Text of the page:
Updated: Aug 31, 2020
DEAR MOMENTS OF FOCUS: A colleague, and fellow executive in our company,makes
vaguely racist comments during social situations about the current news; she’s careful
not to say these things at the office. I am deeply offended, but I think if I saysomething,
our work relationship will be adversely affected. What’s my next step?
DEAR DEEPLY OFFENDED: We are sometimes put into places to deal with uncomfortable scenarios because quite frankly, we are the best suited for the situation.
We often hush the statements that should be made loudly and loudly state those things
that should be hushed. Being a fellow executive, you have the capability and voice that
your employees do not have. You can have a conversation that, although it could affect
your working relationship adversely, could favorably affect the working environment for
your entire staff. A subtle response from you could make a difference in the things that
your colleague says in the future. Most people who make public racist statements do so
because they feel comfortable saying what they feel, or because there have not been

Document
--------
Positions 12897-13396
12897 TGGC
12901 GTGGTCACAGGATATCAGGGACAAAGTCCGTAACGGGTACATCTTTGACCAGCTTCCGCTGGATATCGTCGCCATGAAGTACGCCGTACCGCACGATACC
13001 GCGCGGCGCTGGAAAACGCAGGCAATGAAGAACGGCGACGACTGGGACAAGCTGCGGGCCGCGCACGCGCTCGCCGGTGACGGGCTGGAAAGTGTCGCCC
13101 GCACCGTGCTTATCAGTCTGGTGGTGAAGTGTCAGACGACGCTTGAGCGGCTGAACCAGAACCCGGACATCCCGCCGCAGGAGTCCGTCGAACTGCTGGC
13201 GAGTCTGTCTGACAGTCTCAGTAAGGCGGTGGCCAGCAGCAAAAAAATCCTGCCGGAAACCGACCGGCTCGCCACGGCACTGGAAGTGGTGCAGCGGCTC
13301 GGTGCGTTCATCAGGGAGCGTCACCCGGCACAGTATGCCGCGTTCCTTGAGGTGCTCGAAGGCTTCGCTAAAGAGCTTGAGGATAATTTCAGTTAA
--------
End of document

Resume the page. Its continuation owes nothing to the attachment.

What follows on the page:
enough people to make them uncomfortable enough not to make them. At this point
although she is having these conversations outside of the office, she is still technically
having them in an office-related environment by speaking to you as a fellow colleague. If
you and the other executives say nothing, her conversation will eventually trickle down to
your staff. To whom much is given, much responsibility is required and, as an executive
you have an obligation to protect the company’s interest. If something is said to the
wrong employee, the company could be exposed to a major lawsuit. My advice to you
would be to say when there’s some racist statement made, “I don’t think that’s an
appropriate thing to say and/or I don’t feel comfortable with that statement.” You don’t
always have to say a lot but planting a small seed can sometimes have a great affect.